Family and Caregiver Schizophrenia Discussion Forum

Writing their own manual

I read an article from my ADD magazine that I thought very interesting and was thinking it is relevant to any mental illness… including schizophrenia. Our loved ones’ brains work differently than ours… and they might be able to write their own manual on what works for them. They don’t have to fit into the “norm” whatever that might be… they can fit into their own definition of success.

For example, my daughter’s success doesn’t have to fit into their norm of going to college…
She may very well have her own way to attain a meaningful life.

Our society puts so many expectations on people…
And for our loved ones it is difficult to fit within those expectations.

For me even the little successes are meaningful.


I agree, part of peoples problems is accepting the social environment as normal but they don’t realize its a selfish winner takes all capitalist environment which is contributing to mental illness. Personally I think mental illness is a multifaceted reaction to the social environment.


None of my children went to college. The three who are not ill have good jobs, and good lives, and positive futures. The two boys got into sales, the daughter is married with children and is being an artist. My ill daughter could not have done college even before her illness started.

I think just encouraging your daughter along her goals will help her find her path.

My son, eventually, after living a simple life for several years, without the stress of work or living in close quarters with another person, did seem to write his own survival manual.

Its not at all what I would have wanted for him many years ago, it is what he wants and so far he has been able to make it work. My son desperately wanted to have a job. Just the few hours he is able to work a month makes a difference in how he feels about himself. As my Family to Family instructor taught, their goals have to be what they want to do. I should be grateful that he has scaled down his expectations into something that he can handle in his unmedicated status.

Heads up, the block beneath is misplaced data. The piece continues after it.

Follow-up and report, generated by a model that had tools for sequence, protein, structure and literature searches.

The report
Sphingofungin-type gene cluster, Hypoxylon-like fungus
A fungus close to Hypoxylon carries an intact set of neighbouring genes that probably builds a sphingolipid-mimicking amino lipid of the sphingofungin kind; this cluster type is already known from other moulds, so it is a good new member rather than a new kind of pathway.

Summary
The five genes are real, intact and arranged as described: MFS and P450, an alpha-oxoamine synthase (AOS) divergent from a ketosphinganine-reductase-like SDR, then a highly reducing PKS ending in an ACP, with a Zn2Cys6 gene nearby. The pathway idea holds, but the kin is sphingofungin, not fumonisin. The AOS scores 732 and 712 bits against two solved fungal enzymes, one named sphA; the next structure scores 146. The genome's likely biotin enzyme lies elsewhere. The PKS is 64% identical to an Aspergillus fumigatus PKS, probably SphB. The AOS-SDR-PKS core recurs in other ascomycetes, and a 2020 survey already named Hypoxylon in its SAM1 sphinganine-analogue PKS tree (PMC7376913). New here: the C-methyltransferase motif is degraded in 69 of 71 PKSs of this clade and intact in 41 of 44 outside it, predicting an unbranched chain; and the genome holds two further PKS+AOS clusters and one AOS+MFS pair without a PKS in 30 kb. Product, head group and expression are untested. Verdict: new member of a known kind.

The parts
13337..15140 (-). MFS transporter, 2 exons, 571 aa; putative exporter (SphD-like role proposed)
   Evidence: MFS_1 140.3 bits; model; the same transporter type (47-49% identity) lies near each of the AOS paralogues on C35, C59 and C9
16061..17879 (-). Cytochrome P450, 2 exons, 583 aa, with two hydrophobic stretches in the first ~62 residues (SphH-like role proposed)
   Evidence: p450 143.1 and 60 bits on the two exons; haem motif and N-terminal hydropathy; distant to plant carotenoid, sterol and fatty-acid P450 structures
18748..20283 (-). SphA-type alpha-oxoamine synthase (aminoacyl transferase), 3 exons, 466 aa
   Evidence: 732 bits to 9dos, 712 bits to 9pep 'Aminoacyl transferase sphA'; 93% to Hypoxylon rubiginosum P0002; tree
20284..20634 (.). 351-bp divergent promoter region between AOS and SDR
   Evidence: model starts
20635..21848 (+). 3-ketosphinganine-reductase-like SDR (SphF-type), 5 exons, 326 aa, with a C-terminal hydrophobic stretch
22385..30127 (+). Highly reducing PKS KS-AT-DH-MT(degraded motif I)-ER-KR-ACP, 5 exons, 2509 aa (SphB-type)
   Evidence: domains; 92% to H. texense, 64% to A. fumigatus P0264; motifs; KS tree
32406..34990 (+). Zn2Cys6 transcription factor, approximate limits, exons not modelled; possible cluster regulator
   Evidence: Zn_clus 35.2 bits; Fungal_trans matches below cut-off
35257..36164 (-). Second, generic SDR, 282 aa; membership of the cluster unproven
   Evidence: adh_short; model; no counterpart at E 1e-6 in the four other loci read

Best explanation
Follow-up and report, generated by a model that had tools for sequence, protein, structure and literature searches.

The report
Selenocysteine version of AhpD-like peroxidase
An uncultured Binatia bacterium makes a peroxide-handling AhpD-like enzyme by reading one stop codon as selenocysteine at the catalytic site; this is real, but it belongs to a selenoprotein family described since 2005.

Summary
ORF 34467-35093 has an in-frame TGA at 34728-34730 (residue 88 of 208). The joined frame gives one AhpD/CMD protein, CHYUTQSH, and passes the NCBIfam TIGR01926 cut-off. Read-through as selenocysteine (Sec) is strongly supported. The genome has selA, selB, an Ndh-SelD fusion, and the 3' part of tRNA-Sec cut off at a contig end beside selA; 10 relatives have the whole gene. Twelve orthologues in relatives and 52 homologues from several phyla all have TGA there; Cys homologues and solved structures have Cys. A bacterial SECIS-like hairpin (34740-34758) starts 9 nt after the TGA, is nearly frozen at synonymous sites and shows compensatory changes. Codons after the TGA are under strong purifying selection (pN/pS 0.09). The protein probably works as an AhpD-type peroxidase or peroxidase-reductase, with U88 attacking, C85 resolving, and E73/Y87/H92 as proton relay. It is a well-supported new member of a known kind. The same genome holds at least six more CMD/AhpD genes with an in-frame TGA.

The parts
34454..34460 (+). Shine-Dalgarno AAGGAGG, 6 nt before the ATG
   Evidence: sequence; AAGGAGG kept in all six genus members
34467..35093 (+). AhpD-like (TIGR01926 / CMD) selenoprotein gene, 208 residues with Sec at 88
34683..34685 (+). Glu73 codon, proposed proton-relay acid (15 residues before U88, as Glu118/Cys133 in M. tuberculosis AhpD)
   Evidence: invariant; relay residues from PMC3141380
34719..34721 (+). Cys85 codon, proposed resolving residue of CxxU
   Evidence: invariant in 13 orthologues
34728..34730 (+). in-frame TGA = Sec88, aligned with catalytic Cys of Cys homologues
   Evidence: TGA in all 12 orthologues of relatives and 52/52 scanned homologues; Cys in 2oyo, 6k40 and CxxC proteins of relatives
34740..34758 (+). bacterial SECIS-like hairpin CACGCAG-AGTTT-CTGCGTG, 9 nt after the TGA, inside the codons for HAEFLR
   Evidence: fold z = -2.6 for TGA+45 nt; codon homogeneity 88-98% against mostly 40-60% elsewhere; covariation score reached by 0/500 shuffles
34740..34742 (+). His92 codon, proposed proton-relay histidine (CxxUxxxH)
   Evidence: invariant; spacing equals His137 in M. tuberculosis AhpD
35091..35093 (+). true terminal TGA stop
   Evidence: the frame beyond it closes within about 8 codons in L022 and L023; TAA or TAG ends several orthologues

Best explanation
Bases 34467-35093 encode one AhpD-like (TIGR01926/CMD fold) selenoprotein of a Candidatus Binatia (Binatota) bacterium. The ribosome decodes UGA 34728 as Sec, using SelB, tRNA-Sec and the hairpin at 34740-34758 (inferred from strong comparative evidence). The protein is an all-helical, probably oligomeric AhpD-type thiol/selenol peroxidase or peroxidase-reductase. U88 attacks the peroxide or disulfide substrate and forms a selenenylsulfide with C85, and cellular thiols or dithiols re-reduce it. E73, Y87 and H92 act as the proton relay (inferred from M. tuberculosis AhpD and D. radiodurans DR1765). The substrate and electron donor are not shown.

I know that delusions will always be building up and I believe that he is able to deal with them better thanks to Cognitive Behavior Therapy. His initial diagnosing psychiatrist had suggested CBT to him as a way to deal with strangers yelling at him in public (when he hears his voices he attributes them to whoever is closet. After about 2 years after getting that advice, he tried it. He wanted to be able grocery shop for himself again. I think he has built on his CBT skills ever since that first success. What made him try it was that he wanted to do it all on his own. His theme all along has been that he wanted to be in control of his decisions. Once we began to support that, everything seems to have gone better for him.